Celebrating Birth Mother’s Day

Mother’s Day is a unique day for celebrating in the adoption community. There are an estimated 6 million adoptees in the US alone, plus the millions elsewhere around the world. As an adoptee, I have two mothers, the one who parented me, and the one who placed me. In our extended and blended families, Mother’s Day can also include foster mothers, stepmothers, and other caregivers with whom we have a mother-child relationship. Mother’s Day is observed on the second Sunday of May, since the days of Ancient Greece. Birth Mother’s Day has been observed on the Saturday before Mother’s Day, since 1990 when it was first celebrated in Seattle. Birth Mother’s Day Mary Jean Wolch-Marsh first conceived the idea of Birth Mother’s Day as a result of her own adoption experience. She knew she was a mother, but didn’t feel recognized as such, either by those around her or by her daughter’s parents. Remembering the feelings she’d experienced at her daughter’s birth, feelings of triumph and euphoria, she used them to help in her own healing.

My Birth Mother’s Day brings acknowledgment and recognition to every birth mother who ever loved a child lost to adoption. May it honor and celebrate every mother who became childless after birthing a child, and was forgotten on Mother’s Day.
– Mary Jean Wolch-Marsh

Birth Mother’s Day, for birth mothers, can be a time to affirm joys and acknowledge the sorrow and grief that are a part of placing a child for adoption. It can also be a time to break the silence and release years of anguish or guilt. The purpose of Marsh’s Birth Mother’s Day ceremony is insight, affirmation, growth, and wisdom. Recognizing Birth Mothers Whether you choose to recognize your own, others’, or all birth mothers on Mother’s Day and/or Birth Mother’s Day, there are many different ways to do so, whether it’s celebrating or reminiscing:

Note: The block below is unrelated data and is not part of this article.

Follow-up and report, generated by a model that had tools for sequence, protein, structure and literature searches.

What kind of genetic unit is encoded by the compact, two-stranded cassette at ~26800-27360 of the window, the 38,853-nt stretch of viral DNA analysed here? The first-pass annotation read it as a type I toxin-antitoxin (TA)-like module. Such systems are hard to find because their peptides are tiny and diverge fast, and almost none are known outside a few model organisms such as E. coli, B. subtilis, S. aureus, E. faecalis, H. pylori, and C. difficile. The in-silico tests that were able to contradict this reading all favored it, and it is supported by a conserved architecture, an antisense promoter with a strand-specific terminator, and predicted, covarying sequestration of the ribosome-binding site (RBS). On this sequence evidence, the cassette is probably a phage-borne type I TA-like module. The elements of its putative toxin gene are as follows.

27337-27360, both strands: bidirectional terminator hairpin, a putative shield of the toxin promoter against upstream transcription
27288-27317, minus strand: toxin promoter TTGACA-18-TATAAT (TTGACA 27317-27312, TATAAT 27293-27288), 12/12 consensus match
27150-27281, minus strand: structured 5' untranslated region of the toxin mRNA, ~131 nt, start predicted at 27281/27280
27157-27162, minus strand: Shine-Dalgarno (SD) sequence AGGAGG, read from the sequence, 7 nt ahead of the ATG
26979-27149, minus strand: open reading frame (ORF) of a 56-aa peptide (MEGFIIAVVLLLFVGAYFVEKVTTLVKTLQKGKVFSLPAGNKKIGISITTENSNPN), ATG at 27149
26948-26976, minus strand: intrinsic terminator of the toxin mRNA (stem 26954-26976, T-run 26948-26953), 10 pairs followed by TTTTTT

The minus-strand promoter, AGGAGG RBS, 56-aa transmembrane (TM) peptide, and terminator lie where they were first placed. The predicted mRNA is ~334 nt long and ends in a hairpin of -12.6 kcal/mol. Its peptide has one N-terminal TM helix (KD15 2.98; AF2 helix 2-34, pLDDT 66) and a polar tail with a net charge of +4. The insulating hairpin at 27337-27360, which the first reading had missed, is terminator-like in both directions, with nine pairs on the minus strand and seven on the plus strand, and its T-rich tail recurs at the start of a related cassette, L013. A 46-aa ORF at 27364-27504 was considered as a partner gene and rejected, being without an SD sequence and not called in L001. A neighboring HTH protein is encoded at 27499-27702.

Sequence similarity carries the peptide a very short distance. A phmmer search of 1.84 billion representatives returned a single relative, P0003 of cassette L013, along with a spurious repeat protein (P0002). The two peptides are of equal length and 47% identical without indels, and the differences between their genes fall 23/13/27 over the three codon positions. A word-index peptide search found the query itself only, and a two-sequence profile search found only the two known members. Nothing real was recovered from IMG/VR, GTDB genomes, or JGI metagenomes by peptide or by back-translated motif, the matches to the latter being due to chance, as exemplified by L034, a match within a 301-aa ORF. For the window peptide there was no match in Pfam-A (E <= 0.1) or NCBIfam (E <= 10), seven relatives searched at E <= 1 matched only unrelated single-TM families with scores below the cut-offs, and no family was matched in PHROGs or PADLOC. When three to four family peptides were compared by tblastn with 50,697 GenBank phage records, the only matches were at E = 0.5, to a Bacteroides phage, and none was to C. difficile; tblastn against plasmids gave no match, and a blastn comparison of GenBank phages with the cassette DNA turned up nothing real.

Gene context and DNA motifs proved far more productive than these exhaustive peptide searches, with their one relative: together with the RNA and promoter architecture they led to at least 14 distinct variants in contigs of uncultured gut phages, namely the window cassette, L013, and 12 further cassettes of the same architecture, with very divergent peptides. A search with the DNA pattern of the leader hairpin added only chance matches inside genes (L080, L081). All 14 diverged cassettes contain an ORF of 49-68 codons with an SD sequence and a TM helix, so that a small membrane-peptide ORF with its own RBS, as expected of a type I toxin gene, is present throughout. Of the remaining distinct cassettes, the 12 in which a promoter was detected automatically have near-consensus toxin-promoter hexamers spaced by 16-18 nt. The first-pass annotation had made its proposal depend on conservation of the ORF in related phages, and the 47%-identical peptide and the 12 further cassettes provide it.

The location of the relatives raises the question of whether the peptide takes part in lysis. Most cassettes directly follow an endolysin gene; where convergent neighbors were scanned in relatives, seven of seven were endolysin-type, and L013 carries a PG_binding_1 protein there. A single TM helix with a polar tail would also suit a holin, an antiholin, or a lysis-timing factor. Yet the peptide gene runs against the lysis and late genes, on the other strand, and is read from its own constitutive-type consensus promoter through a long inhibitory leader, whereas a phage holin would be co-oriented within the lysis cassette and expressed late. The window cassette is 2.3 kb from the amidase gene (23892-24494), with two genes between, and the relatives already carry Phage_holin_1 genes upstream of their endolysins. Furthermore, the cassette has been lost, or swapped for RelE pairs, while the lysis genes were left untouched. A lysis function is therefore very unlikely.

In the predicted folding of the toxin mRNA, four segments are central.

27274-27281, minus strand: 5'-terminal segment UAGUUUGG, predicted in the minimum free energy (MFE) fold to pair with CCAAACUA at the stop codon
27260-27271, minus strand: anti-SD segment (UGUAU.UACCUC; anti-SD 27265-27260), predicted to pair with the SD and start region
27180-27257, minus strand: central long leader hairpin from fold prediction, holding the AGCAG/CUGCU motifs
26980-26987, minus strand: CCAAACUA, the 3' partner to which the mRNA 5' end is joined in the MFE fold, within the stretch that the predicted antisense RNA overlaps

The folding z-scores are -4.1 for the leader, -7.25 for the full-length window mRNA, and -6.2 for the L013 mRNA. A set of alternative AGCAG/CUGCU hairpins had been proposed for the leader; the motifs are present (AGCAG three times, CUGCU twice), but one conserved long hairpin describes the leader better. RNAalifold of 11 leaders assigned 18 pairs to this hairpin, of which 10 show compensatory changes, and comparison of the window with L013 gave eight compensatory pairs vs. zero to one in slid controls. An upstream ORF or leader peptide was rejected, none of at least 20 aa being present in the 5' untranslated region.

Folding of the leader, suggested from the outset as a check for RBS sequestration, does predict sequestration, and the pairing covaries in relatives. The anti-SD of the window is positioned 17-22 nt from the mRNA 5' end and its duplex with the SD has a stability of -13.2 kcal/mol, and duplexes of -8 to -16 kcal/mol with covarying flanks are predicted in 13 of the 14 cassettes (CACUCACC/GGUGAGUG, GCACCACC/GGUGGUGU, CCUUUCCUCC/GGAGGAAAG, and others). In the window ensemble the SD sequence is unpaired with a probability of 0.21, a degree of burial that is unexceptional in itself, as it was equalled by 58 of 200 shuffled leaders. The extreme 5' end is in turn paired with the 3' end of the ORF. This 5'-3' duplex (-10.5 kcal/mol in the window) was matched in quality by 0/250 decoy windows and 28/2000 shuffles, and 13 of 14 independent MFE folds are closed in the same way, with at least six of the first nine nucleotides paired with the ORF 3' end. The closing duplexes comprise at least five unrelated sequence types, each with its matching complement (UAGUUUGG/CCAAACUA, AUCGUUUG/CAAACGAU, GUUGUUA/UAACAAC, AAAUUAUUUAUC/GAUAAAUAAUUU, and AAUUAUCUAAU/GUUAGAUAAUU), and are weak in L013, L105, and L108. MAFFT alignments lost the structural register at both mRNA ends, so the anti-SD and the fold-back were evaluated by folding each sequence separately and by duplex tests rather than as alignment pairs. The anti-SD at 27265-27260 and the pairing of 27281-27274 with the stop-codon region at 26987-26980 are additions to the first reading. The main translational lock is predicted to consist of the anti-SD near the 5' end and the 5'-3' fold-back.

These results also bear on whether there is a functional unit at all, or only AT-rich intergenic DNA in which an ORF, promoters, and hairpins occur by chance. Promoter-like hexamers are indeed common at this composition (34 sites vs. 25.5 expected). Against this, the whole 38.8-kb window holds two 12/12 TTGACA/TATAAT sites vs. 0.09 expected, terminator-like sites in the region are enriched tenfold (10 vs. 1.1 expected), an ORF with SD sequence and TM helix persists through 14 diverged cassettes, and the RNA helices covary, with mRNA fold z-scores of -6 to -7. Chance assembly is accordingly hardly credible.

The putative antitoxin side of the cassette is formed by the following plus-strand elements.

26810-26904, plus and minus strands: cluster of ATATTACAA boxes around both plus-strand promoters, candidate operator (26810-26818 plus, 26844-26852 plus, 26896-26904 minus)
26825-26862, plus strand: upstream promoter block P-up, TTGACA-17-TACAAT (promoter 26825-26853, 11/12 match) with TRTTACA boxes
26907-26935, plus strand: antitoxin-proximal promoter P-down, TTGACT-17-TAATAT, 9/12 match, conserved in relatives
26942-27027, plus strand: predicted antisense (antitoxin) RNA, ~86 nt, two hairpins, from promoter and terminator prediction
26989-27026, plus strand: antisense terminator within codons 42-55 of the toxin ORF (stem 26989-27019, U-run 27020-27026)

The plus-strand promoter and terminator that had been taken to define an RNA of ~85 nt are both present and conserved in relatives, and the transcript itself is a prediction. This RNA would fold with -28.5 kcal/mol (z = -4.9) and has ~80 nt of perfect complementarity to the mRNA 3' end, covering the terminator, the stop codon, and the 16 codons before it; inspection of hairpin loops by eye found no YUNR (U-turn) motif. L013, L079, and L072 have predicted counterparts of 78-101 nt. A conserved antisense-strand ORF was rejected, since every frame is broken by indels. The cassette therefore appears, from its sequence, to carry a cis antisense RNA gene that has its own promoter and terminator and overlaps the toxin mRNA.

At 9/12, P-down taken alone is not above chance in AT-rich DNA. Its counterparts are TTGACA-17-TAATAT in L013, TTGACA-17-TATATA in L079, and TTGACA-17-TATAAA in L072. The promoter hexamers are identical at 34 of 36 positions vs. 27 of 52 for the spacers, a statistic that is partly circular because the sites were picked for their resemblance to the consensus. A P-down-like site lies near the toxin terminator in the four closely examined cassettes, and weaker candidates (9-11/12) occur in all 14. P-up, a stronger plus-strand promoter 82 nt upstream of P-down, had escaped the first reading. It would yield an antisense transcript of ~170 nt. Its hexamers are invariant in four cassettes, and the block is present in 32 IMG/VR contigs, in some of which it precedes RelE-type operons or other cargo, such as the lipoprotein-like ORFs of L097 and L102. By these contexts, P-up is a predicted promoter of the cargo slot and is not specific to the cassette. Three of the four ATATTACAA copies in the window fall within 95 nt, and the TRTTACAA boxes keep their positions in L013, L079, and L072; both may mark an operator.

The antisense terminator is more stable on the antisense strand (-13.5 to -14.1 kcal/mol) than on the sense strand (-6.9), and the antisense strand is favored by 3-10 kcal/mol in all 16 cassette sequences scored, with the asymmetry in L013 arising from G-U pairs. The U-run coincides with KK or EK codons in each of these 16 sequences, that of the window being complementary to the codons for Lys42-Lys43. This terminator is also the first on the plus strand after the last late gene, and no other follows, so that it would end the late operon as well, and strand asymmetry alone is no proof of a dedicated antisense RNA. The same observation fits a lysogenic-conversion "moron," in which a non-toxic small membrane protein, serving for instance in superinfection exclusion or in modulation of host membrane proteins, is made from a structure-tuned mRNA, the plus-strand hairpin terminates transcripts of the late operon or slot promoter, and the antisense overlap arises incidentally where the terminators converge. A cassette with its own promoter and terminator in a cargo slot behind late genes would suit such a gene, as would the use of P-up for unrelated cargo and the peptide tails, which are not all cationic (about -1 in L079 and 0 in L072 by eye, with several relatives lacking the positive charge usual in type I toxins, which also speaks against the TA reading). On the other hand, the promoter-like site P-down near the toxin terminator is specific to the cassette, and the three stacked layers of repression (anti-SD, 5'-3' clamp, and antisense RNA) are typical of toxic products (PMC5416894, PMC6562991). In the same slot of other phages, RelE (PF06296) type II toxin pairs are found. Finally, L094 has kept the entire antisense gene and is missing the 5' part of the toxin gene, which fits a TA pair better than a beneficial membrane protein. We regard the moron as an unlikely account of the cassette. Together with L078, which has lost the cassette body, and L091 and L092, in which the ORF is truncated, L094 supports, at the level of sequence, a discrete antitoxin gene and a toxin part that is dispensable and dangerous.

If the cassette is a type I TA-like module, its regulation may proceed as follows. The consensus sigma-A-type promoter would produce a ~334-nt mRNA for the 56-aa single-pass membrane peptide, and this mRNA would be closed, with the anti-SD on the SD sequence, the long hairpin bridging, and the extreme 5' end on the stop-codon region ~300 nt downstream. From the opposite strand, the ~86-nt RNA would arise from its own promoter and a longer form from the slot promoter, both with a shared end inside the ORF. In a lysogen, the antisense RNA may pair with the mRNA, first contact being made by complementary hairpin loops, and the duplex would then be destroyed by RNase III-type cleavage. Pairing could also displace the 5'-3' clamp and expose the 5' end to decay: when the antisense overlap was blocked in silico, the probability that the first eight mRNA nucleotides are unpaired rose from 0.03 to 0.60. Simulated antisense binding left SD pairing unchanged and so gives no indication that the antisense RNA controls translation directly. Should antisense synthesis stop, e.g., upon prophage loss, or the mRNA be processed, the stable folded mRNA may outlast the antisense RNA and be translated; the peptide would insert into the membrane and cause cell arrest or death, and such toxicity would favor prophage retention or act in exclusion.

Ceremonies Attend One. Birth Mother’s Day ceremonies may be organized by support groups, adoption agencies, and nonprofit organizations. Create One. You also have the option of planning a ceremony of your own. Mary Jean Wolch-Marsh has written a comprehensive Birth Mother’s Day Planner available through Amazon, to help organize a large or small event. Cards, Gifts, Activities

In My Families—Birth Mother’s Day has long been a topic of discussion on our forums, and opinions differ greatly as to whether Birth Mother’s Day should be observed or not. Whatever you do, make sure it fits your family. Honoring Mothers—While the uninformed may not have gotten the message, adoptive mothers are just as “real” as birth mothers and vice versa. To quote from Rita Laws’ Definitions of Four Adoption Terms, “Real parent: any parent who is not imaginary.” If we’re lucky enough to have both mothers in our lives, we’re celebrating Mother’s Day times 2 and that is a beautiful thing.




Are you considering placing a child for adoption? Not sure what to do next? First, know that you are not alone. Visit Adoption.org or call 1-800-ADOPT-98 to speak to one of our Options Counselors to get compassionate, nonjudgmental support. We are here to assist you in any way we can.